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Aussie tourists abandon Europe

Fewer Australians visited Spain in the first three months of this year compared with 2015. Picture: Supplied

Robyn IronsideNews Corp Australia Network

TERRORISM fears, the weaker dollar and better deals elsewhere are driving Australians away from Europe as a holiday destination.

Latest figures from the Australian Bureau of Statistics show visitor numbers to normally popular countries like Italy, Greece and Turkey have declined between 12 and 35 per cent in the first three months of 2016.

France, Switzerland, Spain and Croatia are also experiencing downturns following on from heightened terror warnings in the wake of the Paris attacks last November.

At the same time the Australian dollar has fallen against the euro, to be worth just 64 cents, sending budget conscious travellers to better value destinations like Bali and New Zealand.

The Aussie dollar doesn’t go as far in Europe this year. Picture: John Donegan

The Aussie dollar doesn’t go as far in Europe this year. Picture: John DoneganSource:Supplied

University of Technology Sydney tourism lecturer David Beirman said terror fears and the Syrian refugee crisis had undoubtedly made Europe less attractive to Australians.

“You hear of terrorism in one part of Europe and the perception seems to spread that other parts of Europe are also dangerous,” said Mr Beirman.

“When there is a bit of uncertainty in a long-haul destination, people tend to travel closer to home to places they perceive as more welcoming and safer.”

He said the exchange rate would also be having a big dampening effect on European holidays.

“When our dollar was rising really high, up to the early part of 2015, Aussies generally were going in huge numbers to Europe,” Mr Beirman said.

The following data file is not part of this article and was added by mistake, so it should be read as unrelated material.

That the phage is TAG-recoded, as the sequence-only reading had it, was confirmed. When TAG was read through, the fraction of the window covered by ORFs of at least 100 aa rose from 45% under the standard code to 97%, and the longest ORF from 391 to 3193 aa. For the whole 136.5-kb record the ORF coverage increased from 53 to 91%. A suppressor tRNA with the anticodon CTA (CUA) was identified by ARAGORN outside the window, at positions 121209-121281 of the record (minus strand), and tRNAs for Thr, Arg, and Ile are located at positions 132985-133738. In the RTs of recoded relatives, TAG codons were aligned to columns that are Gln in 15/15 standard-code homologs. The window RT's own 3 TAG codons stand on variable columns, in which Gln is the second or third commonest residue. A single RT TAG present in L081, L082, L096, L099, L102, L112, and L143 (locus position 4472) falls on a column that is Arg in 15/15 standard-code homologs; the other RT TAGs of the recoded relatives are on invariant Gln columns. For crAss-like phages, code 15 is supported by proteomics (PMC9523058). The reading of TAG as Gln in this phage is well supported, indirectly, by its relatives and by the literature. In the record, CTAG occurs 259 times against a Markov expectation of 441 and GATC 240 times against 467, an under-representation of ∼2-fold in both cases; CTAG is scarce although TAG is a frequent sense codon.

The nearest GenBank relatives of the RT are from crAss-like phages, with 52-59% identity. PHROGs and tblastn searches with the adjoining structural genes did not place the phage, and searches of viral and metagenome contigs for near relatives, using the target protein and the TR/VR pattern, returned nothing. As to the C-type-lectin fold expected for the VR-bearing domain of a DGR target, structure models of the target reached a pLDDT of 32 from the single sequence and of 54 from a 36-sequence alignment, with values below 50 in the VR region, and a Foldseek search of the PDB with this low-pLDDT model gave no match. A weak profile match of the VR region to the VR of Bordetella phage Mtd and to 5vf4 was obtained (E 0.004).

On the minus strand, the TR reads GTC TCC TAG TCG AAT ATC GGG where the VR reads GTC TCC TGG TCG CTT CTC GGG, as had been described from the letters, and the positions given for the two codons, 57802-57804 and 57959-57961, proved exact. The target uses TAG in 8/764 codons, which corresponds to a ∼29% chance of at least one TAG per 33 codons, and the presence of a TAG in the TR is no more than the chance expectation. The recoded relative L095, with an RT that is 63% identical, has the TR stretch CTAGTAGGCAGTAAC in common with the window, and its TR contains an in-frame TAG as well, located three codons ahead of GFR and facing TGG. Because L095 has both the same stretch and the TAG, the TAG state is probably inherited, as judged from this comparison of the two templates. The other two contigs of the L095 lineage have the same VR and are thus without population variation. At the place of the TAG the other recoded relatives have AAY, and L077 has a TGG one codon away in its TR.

“So from that perspective they’re coming down off a pretty big peak.”

Deakin University terrorism expert Greg Barton said the nature of the Paris and Brussels attacks was particularly frightening for travellers.

Grieving Belgians gather on Place de la Bourse square to pay tribute to victims of the terror attacks. Picture: AFP/Aurore Belot

Grieving Belgians gather on Place de la Bourse square to pay tribute to victims of the terror attacks. Picture: AFP/Aurore BelotSource:AFP

“In Paris, what we saw was people doing ordinary things on a Friday night, who were targeted. That was scary for everyone,” said Professor Barton.

“Then the Brussels Airport attack made people question where they would be safe if not in an airport. That tipped the balance for some people.”

Further attacks seemed likely and not just in Europe, Prof Barton said.

Southeast Asia is particularly vulnerable and we know there’s been plans made (for terrorism attacks) in Australia,” he said.

“It seems to be essential to (Islamic State’s) sense of survival. It’s a strong brand and they want to keep it strong.”

Italy is losing its magnetism for Aussie travellers with numbers of visitors falling this year. Picture: Supplied.

Italy is losing its magnetism for Aussie travellers with numbers of visitors falling this year. Picture: Supplied.Source:Supplied

Head of Leisure Travel at Flight Centre, Tom Walley said they had certainly seen a softening in demand for Europe this year.

“One of the main reasons for the shift in traveller attention from Europe is that the world is so much more accessible and much cheaper to get to than ever before,” said Mr Walley.